2. The Bridesmaids (vv. 1–5)
Matthew 25:1 introduces us to 10 virgins with lamps. The Greek word translated "lamps" means "torches." These torches were long, wooden poles that had some kind of wire mesh attached to the end, filled with cloth. That cloth would be soaked in oil, then lit. When people used those torches, they carried a little flask of oil with them so they could keep the torch lit as long as necessary. So the 10 bridesmaids (virgins) are at the house of the bride with their torches, waiting for the bridegroom to come.

In the parable, the bridesmaids are called "virgins" (Gk., parthenos), which refers to an unmarried girl who is a virgin. People married young in Bible times, and often the bridesmaids were young girls who were sisters, cousins, or intimate friends of the bride. It was a special joy and privilege for them to attend the bride and wait in anticipation of the glorious evening when the bridegroom would come.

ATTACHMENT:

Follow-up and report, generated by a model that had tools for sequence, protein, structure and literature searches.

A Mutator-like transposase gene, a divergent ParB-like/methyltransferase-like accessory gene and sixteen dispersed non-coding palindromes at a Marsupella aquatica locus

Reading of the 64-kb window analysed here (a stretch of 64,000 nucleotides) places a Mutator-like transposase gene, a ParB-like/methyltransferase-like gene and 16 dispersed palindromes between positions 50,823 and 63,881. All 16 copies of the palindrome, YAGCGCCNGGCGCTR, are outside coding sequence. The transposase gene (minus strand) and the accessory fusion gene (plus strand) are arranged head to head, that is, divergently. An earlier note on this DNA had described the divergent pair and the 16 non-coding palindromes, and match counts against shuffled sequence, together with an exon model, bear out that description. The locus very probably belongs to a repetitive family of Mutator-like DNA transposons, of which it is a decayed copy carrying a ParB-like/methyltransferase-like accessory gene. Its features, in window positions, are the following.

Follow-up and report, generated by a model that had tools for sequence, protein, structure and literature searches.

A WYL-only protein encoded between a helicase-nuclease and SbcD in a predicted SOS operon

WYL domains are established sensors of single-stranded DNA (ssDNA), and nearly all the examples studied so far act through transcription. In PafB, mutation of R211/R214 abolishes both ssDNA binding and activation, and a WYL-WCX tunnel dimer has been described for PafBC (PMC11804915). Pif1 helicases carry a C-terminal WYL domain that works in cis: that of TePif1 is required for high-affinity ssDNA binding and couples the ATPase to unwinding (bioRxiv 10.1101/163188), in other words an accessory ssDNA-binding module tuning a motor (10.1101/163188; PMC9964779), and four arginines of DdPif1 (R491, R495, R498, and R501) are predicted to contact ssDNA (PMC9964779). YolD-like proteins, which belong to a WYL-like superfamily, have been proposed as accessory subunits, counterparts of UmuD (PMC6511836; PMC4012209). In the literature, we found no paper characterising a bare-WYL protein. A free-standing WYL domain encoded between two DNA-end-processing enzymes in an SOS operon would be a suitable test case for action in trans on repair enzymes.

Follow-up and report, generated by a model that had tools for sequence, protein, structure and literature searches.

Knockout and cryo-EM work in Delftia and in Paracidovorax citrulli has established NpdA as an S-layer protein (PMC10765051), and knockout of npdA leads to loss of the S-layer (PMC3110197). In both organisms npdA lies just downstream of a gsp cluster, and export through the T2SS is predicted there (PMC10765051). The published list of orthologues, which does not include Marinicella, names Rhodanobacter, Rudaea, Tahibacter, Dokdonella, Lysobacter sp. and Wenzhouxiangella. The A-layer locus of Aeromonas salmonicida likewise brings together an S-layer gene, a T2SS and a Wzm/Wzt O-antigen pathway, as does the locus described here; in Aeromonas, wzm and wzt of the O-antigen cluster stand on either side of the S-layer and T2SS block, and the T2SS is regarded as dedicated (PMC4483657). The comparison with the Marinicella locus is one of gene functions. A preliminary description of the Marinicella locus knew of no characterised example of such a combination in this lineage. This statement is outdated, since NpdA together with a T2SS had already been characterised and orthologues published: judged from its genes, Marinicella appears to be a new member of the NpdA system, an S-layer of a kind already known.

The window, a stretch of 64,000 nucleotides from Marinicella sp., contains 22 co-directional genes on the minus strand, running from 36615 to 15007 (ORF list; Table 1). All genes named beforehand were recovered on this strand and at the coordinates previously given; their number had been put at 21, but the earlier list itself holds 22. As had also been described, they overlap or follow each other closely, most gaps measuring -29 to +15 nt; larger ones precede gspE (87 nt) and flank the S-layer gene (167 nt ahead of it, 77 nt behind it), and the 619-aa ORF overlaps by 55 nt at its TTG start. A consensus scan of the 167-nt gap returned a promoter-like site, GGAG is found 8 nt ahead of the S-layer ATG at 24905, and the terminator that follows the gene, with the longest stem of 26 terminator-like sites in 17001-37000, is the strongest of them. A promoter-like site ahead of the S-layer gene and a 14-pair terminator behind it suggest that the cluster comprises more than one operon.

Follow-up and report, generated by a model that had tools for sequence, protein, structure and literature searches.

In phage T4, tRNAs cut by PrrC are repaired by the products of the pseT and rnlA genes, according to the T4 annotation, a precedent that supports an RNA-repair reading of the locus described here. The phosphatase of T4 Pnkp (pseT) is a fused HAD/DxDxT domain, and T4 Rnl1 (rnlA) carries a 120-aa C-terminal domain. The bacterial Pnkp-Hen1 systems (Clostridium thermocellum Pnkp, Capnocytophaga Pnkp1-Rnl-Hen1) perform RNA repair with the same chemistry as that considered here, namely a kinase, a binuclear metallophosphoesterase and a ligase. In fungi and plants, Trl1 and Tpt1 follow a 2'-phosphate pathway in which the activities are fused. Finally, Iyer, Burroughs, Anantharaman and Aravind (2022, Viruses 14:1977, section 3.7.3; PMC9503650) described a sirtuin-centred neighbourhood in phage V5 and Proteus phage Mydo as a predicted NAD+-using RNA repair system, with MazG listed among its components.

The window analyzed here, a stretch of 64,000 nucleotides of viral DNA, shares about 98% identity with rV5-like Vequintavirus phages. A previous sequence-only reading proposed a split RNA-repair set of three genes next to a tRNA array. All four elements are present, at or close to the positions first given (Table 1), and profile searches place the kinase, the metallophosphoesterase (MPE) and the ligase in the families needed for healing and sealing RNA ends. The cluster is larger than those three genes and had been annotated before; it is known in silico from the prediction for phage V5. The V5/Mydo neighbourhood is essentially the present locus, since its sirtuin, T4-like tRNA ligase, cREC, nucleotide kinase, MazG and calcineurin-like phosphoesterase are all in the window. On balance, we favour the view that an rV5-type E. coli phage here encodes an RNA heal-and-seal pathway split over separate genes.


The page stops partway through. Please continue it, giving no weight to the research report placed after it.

There's nothing significant about the bridesmaids being virgins. Jesus called them virgins simply because bridesmaids were usually virgins. Notice also that there were "10" virgins. Apparently the Jewish people favored the number 10. Ten men had to be present at a wedding to give the proper blessing. It took 10 men to constitute a synagogue. Apparently 10 bridesmaids was a customary number to have and all 10 had a torch. Just as bridesmaids today carry flowers to show they are part of a wedding party, they carried torches in those days. They waited in anticipation of meeting the bridegroom.

Who was Christ referring to when He spoke of the 10 virgins? It's obvious from the context He was talking about people who profess to be Christians — to be part of the church. They say they know Christ, and they anticipate His coming. They even say they are prepared for Him; they have on their wedding garment and have their torch. Their presence symbolizes their interest in Christ and their torch symbolizes their profession of faith in Christ. They all show outward marks of watching for the coming of bridegroom Christ. They are gathered as bridesmaids, waiting to be received into the glorious marriage celebration.